Judgment No. HB 46/06
Case No. CRB 87-92/04
HERBERT GUMBO (now deceased)
EMMANUEL CHIBAYA CHIBHEBHE
VUSIMUZI MANGENA (withdrawn)
IN THE HIGH COURT OF ZIMBABWE
BULAWAYO 10 MAY 2006
A P Mpofufor the state
Masuku for accused 2
Fuzwayofor accused 3
C P Moyofor accused 4
K Phulu for accused 5
NDOU J: The accused persons are appearing before us in the main trial. We have already heard testimony from all prosecution witnesses in the main trial. The matter now before me in a trial within trial. The matter was postponed to this date for the commencement of the trial
within trial. Both Messrs Fuzwayo and Phulu are not in attendance. Only Messrs Moyo and Masuku are present. I assume this was by arrangement. Mr Mpofu, for the state, seeks leave to deal with the objection of each accused person separately, starting with accused 4. MrMoyo, for accused 4, though not vehemently opposed to this approach, raised the issue of the correctness of the procedure in light of the decision of this court in R v Masekiwa & Ors 1965 RLR 225; 1965(3) SA 531(RA).
The general rule, as I understand it, is that where there is more than one accused person challenging the admissibility of theex-curial statement, the admissibility of all the challenged statements should be determined at one trial within trial, rather than dealing with the statements piecemeal. This rule and its attendant exception was approved by MacDONALDAJP in the Musekiwa case supra at 227F-H as follows:
“The practice adopted in the General Division … is correct and should be followed in other courts. The practice is calculated to ensure that the judicial officer has all relevant evidence before him when giving his rulings on admissibility and the obvious disadvantages inherent in the procedure adopted by the magistrate in this case are avoided. As was recognised by HOLMESJA, in S v Letsoko and others (T) [1964(4) SA 768 AD], it is usually more “convenient and practical” to consolidate the “trial with trials”. It is not intended to lay down a hard and fast rule that the general practice must always be followed. It sometimes happens that the necessity for holding a trial within a trial arises quite unexpectedly or at a time when it would be inconvenient or impracticable to consolidate such a trial within similar trials. Departures from the general practice must be left to the good sense and judicial discretion of the presiding officer.”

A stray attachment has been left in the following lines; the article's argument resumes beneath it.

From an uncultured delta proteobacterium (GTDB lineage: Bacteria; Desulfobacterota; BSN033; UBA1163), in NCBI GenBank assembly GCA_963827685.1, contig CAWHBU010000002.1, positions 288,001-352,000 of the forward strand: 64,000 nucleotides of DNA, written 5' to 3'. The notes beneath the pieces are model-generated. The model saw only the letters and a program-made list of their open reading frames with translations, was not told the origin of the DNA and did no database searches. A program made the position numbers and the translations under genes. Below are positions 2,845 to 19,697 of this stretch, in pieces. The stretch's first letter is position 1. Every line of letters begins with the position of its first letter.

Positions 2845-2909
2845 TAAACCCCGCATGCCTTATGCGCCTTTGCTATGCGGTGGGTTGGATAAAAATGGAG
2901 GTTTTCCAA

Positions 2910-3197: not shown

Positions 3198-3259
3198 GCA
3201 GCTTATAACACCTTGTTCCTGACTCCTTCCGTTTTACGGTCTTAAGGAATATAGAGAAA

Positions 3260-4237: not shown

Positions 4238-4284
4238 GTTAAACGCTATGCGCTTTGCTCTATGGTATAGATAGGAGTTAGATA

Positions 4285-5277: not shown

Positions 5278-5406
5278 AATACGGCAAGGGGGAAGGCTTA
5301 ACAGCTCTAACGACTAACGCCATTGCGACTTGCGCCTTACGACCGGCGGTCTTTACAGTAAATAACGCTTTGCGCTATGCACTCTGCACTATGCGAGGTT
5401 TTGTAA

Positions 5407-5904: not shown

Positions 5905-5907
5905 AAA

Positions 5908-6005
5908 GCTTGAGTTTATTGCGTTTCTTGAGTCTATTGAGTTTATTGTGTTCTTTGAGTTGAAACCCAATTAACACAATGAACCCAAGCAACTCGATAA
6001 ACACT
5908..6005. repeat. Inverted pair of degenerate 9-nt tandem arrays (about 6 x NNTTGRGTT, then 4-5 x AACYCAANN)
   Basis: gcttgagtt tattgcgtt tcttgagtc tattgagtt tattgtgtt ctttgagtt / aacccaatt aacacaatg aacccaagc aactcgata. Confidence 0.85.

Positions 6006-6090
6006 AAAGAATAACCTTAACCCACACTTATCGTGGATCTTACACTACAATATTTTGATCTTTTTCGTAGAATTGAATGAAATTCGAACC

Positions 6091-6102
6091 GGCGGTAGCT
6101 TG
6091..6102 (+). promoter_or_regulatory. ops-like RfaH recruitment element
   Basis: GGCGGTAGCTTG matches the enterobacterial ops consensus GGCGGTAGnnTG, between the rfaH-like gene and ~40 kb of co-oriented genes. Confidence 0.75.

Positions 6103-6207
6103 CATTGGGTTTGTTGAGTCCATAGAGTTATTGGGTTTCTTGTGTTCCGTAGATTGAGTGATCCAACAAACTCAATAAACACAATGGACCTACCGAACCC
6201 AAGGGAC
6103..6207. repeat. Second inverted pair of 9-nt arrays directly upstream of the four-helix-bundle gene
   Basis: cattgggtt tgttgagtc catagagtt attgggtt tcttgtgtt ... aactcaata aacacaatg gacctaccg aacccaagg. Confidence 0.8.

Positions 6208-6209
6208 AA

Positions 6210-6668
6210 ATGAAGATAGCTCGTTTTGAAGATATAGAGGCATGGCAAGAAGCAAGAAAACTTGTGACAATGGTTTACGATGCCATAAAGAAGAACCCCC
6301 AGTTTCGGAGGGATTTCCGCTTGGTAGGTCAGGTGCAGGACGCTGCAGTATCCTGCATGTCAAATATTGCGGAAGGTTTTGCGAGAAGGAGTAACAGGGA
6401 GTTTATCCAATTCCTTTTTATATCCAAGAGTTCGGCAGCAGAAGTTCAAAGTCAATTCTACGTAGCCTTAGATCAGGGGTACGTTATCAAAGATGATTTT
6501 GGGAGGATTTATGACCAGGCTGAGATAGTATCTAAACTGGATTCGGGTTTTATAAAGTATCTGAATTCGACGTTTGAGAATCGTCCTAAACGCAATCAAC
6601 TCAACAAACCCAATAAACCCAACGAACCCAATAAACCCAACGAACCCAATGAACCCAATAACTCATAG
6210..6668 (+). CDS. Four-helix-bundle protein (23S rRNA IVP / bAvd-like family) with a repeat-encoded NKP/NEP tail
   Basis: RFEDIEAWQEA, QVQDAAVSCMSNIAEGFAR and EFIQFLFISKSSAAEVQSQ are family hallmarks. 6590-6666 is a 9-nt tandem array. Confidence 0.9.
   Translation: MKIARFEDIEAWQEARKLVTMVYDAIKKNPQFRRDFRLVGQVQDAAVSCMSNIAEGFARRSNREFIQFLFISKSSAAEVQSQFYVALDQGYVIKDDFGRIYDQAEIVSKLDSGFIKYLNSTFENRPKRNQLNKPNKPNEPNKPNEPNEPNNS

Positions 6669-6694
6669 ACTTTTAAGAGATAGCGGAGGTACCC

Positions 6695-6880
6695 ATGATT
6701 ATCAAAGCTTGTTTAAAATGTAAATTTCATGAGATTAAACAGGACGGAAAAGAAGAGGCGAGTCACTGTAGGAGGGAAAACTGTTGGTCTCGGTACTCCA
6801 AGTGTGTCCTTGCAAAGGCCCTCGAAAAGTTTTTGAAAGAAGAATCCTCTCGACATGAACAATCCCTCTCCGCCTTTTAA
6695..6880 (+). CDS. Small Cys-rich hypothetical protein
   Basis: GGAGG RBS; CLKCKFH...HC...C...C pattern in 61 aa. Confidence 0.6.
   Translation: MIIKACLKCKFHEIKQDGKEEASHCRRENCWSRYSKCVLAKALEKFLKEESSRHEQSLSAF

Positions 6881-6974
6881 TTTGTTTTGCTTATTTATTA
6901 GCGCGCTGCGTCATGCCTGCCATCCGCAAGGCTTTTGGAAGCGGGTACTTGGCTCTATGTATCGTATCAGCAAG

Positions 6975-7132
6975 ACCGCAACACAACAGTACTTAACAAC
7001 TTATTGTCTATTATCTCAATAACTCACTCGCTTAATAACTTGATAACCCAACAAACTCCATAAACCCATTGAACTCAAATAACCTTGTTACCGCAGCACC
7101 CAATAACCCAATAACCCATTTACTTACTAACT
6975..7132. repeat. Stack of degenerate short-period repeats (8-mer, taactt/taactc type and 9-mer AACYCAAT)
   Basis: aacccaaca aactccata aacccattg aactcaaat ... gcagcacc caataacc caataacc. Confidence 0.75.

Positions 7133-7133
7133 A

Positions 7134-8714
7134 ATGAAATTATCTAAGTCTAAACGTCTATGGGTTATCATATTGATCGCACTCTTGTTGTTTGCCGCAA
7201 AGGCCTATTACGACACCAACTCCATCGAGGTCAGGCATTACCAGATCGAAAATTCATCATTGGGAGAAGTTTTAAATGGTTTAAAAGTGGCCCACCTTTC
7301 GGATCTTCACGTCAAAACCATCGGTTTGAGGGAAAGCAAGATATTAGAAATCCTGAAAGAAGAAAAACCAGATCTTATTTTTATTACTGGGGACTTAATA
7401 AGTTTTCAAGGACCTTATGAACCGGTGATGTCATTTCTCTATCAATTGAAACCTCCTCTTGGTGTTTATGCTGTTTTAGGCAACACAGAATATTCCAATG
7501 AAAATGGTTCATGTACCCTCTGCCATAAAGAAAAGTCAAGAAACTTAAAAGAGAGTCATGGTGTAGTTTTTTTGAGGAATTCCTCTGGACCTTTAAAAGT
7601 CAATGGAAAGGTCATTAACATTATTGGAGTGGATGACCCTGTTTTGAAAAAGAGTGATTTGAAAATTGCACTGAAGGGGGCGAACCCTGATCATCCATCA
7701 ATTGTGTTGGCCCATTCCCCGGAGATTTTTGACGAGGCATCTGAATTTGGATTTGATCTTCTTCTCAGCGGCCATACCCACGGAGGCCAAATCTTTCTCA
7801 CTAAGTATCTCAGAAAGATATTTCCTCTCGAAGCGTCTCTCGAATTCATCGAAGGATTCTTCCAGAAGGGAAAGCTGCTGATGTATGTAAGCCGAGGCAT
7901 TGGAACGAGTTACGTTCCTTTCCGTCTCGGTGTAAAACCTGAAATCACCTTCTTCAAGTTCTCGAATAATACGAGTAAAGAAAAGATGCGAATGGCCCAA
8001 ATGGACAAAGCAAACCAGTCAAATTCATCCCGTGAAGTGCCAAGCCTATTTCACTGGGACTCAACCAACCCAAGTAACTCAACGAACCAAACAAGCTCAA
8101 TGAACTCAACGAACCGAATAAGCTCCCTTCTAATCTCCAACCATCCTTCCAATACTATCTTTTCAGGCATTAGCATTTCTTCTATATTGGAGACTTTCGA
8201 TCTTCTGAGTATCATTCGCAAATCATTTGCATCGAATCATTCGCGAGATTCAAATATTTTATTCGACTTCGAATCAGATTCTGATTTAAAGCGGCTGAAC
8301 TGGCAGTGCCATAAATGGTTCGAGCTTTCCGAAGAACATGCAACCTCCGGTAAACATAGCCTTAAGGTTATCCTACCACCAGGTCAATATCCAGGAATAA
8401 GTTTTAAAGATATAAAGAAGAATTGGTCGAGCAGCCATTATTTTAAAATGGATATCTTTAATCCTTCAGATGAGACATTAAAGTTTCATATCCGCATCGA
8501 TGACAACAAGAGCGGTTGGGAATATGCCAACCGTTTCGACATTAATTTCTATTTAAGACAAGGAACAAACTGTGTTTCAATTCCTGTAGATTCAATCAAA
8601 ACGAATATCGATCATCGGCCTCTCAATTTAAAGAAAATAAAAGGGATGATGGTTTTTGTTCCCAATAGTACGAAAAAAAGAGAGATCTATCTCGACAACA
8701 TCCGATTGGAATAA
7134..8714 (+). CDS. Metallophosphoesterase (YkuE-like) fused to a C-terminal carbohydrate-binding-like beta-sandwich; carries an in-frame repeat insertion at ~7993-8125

I associate myself with the said sentiments of the learned Acting Judge President. It has to be borne in mind that a ruling on admissibility is
not final. Relevant evidence adduced in the main trial may be taken into account by the presiding officer when reviewing his/her decision on admissibility irrespective of the source of such relevant evidence. There is no reason why this should not also be the position when a trial within trial is held. The fact that an issue is peculiar to one accused is not regarded as a reason for ignoring evidence relevant to the issue led by other accused persons or their witnesses.
In casu, the necessity to hold a trial within trial did not arise unexpectedly, it was an issue known to all the parties right from the commencement of the trial.
Further, the necessity did not arise at a time when it would be inconvenient or impracticable to consolidate the objections raised by the accused persons. There are not submissions from the accused persons legal practitioners indicating that there are any factors placing the matter in category of the exception to the general rule. It may be convenient on the part of the prosecution because some of the witnesses are still on the way to court, but that factor alone does not constitute an exception to the general rule.
Accordingly, I order that all the trials within trial are to be heard together and not piecemeal.
Attorney General, Criminal Divisionfor the state
Ben Baron & Partners, accused 2’s legal practitioners
Calderwood, Bryce Hendrie, accused 3’s legal practitioners
Majoko & Majokoaccused 4’s legal practitioners
Coghlan & Welsh, accused 5’s legal practitioners